Thursday, February 21, 2008

"School Stuff"

I hear this phrase over and over when I ask clients what problems they are having with paperwork and things they need a solution for. I have some pretty strong opinions about what to do with that A+ reading comprehension test or 1st hand print or creative drawing or funny story or ladybug mobile or or or or, should I go on? I cherish and love all the things my kids make at school. But I cherish a fresh, clean space just as much! Here are the steps I recommend as things come in the door. Before you can follow these steps, you need 2 things--a display center and a school in box.
1. Sort. Work that you LOVE, display it. What is worthy of keeping (really neat writing on a test you are proud of, interesting grade you want to hold onto, hard math homework that they did well, etc), put it in the school in box.
2. The rest (same old math sheet that's been graded, indifferent art work, repetitive spelling tests, etc.) TOSS! Yes, TOSS. You do not need it. If you have a child with learning issues and do need to hold onto everything for reference, I will address this in a future post--please look for that as I have my own child like this too!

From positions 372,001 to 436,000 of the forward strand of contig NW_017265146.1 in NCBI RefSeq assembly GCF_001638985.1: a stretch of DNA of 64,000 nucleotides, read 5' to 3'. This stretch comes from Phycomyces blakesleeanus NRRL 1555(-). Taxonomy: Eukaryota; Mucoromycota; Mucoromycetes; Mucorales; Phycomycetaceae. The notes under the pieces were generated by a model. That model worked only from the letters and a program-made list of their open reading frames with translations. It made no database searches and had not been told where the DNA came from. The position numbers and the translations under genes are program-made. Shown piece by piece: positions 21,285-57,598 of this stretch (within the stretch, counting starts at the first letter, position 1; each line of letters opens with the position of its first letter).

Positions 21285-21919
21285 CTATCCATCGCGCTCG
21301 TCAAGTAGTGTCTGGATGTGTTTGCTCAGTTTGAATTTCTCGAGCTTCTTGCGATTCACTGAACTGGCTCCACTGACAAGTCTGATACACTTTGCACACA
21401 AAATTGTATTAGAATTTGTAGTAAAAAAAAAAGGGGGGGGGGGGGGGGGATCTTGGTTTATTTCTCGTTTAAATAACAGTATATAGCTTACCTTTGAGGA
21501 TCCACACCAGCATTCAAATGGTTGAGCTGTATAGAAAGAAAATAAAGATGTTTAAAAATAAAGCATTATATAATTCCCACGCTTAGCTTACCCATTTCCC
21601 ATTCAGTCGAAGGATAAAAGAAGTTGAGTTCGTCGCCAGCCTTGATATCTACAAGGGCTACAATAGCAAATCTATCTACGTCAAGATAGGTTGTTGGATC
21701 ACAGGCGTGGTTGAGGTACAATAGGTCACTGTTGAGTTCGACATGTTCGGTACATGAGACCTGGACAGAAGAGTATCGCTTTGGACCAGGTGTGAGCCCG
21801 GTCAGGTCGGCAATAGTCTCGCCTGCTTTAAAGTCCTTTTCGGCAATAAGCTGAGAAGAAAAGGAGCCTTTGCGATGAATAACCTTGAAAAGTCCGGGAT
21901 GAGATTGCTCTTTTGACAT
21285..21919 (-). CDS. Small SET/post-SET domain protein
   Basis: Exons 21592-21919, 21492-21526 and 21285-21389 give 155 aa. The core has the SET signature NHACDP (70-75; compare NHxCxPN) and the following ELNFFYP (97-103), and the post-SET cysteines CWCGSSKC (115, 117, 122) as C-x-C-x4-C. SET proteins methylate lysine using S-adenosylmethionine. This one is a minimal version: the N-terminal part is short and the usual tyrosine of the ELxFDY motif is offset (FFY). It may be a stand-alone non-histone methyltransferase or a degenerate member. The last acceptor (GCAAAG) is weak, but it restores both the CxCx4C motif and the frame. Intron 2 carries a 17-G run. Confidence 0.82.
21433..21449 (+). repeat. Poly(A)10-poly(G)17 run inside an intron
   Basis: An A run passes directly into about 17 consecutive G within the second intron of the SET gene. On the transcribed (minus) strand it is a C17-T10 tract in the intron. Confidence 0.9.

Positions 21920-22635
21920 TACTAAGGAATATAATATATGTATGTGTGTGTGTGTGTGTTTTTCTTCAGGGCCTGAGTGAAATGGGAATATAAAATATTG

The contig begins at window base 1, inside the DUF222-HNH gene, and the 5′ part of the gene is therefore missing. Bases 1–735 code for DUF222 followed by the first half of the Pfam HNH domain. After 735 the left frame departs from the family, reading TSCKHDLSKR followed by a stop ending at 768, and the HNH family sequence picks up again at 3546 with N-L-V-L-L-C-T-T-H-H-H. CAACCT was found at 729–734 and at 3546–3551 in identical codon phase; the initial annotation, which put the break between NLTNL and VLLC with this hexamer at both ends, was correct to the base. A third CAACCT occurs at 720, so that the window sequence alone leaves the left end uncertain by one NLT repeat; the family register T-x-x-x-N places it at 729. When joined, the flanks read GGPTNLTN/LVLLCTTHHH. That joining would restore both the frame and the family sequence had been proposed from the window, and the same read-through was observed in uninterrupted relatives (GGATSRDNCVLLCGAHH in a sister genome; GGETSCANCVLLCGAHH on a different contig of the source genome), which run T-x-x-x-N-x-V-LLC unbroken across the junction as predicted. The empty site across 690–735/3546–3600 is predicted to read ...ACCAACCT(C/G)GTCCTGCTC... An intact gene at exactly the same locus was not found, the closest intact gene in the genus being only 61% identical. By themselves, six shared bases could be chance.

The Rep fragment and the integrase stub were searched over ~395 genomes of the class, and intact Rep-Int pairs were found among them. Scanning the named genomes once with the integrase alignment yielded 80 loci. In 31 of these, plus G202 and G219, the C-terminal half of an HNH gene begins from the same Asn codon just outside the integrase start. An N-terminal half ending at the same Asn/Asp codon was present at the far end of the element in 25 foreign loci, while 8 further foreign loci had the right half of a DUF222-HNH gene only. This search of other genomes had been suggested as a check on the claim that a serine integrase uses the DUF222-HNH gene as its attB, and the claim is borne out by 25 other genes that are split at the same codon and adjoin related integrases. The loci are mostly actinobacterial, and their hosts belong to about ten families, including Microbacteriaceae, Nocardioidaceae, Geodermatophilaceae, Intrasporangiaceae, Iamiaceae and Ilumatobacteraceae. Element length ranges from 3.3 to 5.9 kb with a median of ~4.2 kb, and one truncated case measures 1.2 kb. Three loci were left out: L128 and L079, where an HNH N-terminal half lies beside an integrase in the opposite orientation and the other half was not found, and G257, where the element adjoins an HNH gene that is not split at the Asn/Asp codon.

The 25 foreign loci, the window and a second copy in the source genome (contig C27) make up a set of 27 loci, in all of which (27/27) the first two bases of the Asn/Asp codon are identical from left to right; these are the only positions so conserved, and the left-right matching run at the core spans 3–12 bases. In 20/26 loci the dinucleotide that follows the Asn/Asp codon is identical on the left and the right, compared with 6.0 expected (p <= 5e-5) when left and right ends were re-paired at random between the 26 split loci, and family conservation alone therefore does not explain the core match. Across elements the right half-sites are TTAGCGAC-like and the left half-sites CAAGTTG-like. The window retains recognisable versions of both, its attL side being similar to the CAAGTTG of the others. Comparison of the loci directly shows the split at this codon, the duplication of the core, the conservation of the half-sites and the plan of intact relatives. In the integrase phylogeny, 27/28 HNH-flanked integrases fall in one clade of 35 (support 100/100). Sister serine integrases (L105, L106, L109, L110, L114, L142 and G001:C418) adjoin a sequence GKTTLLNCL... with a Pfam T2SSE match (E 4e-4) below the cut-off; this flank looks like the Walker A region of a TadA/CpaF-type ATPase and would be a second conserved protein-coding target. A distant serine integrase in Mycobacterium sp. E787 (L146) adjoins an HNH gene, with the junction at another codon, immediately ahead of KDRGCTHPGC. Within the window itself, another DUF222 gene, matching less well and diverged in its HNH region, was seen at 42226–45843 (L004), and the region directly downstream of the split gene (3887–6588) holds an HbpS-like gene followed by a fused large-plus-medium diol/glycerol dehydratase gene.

3. Important, if you have more than one child, especially young children, make sure their name is on it and perhaps put a date on it if it is a 'first' or a writing assignment at the start of 1st grade for instance to compare to at the end.
4. As you display, let your child decide what should come down as you put up something new. They must learn limits when it comes to spending or eating or getting enough sleep and they must also learn limits when it comes to 'stuff'. If the wall is full, we can't make the wall bigger, we must make choices!
5. If something needs to come off the display, either toss it or put it in the school in box.
6. Summer requirement--at the end of the year, sort each child's work into their own stacks. Then sort each stack into categories that are important to you or your child--art, tests where you want to acknowledge grades, writing if you are documenting their progress, etc. Now, get out your scanner or head to kinkos where you can use a color copier. Scanning--print them 4x6 or upload them to a site like and order prints. Copying--copy them smaller so they end up the size of a photo--4x6 or 5x7. Now toss that important work. The paper, pen ink, pencil marks, cheap glue and even cheaper paint are NOT archival so if you feel you are doing the most loving thing by holding onto the originals, realize that what you have in 20 years will be a mess (paper will yellow, paints will chip off, pencil marks will smear, etc.) and those photo prints will still look fresh and clean and perfectly capture the real work they created.
7. Scrapbook or archive. I have one album for each child that is just for school. Each year gets around 10 pages and is done in the summer. I have an order to how I set up each year and the last 4 pages have the art work with a pocket page on the last page for extra work I couldn't fit in.
Rules--never let a year overlap with the other. Summer's requirement is essential to make this work.

Okay, this was a long post and a LOT to do but once you get it sorted and set up, I promise it is an easy system!!!!

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